Leaders from the American Medical Association (AMA) reminded us that AMA policy “recognizes that physical or verbal violence between law enforcement officers and the public, particularly among Black and Brown communities where these incidents are more prevalent and pervasive, is a critical determinant of health and supports research into the public health consequences of these violent interactions.”  The AMA continued, noting that the “disparate racial impact of police violence against Black and Brown people and their communities is insidiously viral-like in its frequency, and also deeply demoralizing… Just as the disproportionate impact of COVID-19 on communities of color has put into stark relief health inequity in the U.S.”

Finally, the Association of American Medical Colleges (AAMC) pointed out that “the coronavirus pandemic has laid bare the racial health inequities harming our Black communities, exposing the structures, systems, and policies that create social and economic conditions that lead to health disparities, poor health outcomes, and lower life expectancy.” The AAMC statement goes on to address how the brutal and shocking deaths of George Floyd, Breonna Taylor and Ahmaud Arbery “have shaken our nation to its core and once again tragically demonstrated the everyday danger of being Black in America.” Issuing a call to action, the AAMC expresses that “as healers and educators of the next generation of physicians and scientists, the people of America’s medical schools and teaching hospitals bear the responsibility to ameliorate factors that negatively affect the health of our patients and communities: poverty, education, access to transportation, healthy food, and health care.”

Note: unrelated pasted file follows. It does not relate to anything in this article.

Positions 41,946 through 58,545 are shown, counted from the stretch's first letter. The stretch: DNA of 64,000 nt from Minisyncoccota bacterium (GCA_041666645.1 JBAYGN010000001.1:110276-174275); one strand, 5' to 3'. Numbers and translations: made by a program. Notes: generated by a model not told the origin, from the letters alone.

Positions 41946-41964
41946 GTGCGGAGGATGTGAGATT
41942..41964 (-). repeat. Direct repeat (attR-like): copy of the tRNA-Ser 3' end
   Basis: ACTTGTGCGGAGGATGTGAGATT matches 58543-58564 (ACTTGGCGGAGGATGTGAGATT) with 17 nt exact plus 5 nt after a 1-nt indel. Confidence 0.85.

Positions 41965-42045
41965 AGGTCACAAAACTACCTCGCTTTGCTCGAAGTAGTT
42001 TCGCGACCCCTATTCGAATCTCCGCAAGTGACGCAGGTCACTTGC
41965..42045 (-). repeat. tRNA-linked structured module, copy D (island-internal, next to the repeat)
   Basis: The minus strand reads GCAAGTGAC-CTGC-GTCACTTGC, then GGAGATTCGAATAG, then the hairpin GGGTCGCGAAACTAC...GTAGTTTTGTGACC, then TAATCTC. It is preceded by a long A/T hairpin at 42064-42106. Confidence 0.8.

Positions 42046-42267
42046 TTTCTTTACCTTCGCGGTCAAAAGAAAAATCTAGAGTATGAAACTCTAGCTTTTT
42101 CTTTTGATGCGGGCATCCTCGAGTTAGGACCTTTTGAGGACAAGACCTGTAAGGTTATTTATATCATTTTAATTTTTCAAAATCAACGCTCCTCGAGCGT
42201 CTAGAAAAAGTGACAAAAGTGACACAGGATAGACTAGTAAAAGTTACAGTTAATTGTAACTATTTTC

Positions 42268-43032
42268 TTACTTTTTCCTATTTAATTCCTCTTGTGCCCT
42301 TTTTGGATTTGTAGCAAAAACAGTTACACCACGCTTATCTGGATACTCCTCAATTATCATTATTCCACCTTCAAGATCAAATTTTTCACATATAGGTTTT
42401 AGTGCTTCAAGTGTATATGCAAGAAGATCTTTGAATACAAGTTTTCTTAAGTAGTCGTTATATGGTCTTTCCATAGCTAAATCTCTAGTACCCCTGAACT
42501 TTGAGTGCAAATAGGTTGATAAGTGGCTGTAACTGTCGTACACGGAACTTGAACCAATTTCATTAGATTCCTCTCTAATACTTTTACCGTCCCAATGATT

The AANS and CNS echo this call to action and concur that we “must move from rhetoric to action to eliminate the inequities in our care, research, and education of tomorrow’s doctors.”

Editor’s Note: Neurosurgery Blog invites you to join the conversation for social change at #WhiteCoatsforBlackLives and #ChangeTheSystem.

 

John A. Wilson, MD, FAANS
President, American Association of Neurological Surgeons
David L. and Sally Kelly Professor and Vice-Chair of the
Department of Neurosurgery, Wake Forest School of Medicine

 

 

Steven N. Kalkanis, MD, FAANS
President, Congress of Neurological Surgeons
Chief Executive Officer, Henry Ford Medical Group
Detroit, Mich.